Florida's Republicans have formed a circular firing squad and are cold poppin' caps in each others' asses. It's all quite entertaining, really. And it's happening locally and statewide. Fun for everyone!
Remember a while back when we told you about Orange County Republican Executive Committee chairman Lew Oliver's catfight with Deon Long, the Winter Park lawyer who came one disputed vote from dethroning Oliver last December `"Coup d'état," April 9`? This wildly popular column also told you when Oliver had Long tossed from the GOP — the optics of which aren't great, considering that Long is one of the state Republicans' precious few black faces. The bloodletting continues: As 580-AM WDBO reported last week, Oliver has now moved to oust loudmouthed critics Doug Guetzloe and Nick Egoroff. Oliver told WDBO that the two had violated party rules with a robocall touting Long.
This isn't the first time Oliver has gone after Guetzloe `see "The loyalty oath," April 10, 2003`, who hasn't always been a paragon of ethics. But it's hardly shocking that the anti-Oliver forces declined to roll over. On July 28, WFTV Channel 9 reported that OCREC member Keith Racine had filed a complaint with the Florida Department of Law Enforcement accusing Oliver of money-laundering and using campaign funds for his own pleasure. Oliver denied the charges, but it's hardly the kind of thing a guy barely clinging to power needs these days.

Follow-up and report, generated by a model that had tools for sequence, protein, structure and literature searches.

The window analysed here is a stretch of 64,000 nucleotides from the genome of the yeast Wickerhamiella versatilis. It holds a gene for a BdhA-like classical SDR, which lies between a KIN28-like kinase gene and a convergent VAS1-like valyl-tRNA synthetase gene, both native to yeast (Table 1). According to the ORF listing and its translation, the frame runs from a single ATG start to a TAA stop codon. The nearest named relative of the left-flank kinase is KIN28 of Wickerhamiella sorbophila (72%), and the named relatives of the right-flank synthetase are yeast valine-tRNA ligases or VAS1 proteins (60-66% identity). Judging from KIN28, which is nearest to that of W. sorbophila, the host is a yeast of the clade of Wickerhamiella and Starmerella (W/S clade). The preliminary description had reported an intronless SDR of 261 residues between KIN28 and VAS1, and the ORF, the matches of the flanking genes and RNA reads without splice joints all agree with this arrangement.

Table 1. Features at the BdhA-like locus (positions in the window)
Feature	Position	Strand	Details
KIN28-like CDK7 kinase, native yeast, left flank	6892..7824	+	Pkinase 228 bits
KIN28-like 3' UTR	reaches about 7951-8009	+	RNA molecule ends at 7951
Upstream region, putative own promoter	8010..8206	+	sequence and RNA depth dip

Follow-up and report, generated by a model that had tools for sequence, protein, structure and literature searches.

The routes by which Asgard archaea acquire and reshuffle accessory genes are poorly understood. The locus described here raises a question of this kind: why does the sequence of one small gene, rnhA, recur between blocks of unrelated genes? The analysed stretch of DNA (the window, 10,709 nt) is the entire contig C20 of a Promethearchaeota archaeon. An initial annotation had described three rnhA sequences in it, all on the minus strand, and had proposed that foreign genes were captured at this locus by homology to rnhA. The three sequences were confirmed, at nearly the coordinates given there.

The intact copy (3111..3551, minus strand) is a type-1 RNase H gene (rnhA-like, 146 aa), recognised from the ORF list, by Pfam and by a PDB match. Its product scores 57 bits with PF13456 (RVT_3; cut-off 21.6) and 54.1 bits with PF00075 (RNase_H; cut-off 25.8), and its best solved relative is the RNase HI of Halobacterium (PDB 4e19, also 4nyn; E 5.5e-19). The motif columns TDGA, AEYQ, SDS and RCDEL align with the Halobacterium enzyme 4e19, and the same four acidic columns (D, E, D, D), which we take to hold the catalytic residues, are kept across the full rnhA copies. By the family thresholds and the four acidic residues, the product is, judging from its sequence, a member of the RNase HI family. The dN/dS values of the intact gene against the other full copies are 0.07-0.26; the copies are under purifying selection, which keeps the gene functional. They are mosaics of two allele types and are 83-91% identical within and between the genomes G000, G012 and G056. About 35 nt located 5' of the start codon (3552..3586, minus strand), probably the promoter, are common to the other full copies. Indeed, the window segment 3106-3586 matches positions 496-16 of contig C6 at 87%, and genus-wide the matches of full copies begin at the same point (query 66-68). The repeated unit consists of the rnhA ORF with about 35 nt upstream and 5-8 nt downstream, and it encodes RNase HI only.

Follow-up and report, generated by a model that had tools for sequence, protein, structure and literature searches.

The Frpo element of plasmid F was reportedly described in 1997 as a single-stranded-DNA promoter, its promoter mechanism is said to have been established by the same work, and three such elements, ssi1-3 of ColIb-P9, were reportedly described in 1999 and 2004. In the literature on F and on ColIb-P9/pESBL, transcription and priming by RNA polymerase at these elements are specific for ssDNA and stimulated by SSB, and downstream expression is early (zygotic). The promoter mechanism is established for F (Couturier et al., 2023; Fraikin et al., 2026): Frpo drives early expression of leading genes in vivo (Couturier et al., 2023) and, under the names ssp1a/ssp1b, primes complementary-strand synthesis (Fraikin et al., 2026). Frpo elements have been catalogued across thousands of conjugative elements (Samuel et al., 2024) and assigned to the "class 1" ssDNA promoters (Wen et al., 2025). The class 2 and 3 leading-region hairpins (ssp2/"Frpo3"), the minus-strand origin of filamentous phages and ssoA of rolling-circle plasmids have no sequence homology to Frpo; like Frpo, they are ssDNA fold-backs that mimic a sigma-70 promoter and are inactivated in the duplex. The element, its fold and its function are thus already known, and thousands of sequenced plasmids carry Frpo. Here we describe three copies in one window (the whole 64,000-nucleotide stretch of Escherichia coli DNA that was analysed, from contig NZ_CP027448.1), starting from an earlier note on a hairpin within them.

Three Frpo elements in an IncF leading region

Oliver's ally, state GOP chairman Jim Greer, isn't winning any popularity contests either, particularly among conservatives (although, in fairness, he was just tapped to head the Republican National Committee's rules committee). "Greer is the single most disliked guy on the RNC," South Carolina GOP leader Katon Dawson told Republican house organ the Washington Times. And more recently, Brevard County party chairman Jason Steele accused Greer of attempting to "purge" the party of nonconformists and conducting a "witch hunt" of loyal conservatives. According to the St. Petersburg Times' The Buzz blog, Steele himself faces grievance charges, purportedly after announcing he wouldn't be endorsing candidates backed by the party machine (cough Charlie Crist cough).
Ever wonder what a C-Span reality show might look like? Neither did we, but hey, this could do it. Pass the popcorn!
Those tax-and-spend liberals in New York City have developed an innovative way to deal with the city's homeless: Send them somewhere else!
Since 2007, the Big Apple has dispatched 550 homeless families on airplanes all over the world, with the ostensible goal of reuniting them with their distant families. But let's be straight, it's cheaper to make them someone else's problem. According to The New York Times, it costs NYC some $36,000 a year to shelter and feed a homeless family, while it takes just $850 to fly them somewhere warm and inviting — like here.
Of those 550 families, at least 100 have been deposited in the Sunshine State. And if you think Mayor Michael Bloomberg gives a shit what happens next, you have better drugs than we do. In fact, NYC admits it does basically no follow-up.
So they send them here, a city that forbids them from congregating in parks, forbids church groups from feeding them in public, forbids them from sleeping on benches and generally does its level best to push them out of sight, out of mind. Which is basically what Bloomberg and Co. are doing, albeit much more effectively. New city motto: We're not even good at being mean!
The Liberty Counsel's Mat Staver, recently named the "Best Local Member of the American Taliban" by this very newspaper, has turned his attention to the health-care reform debate. As usual, he's decided that if reform proves disadvantageous to big business or the religious right, then Jesus ain't for it.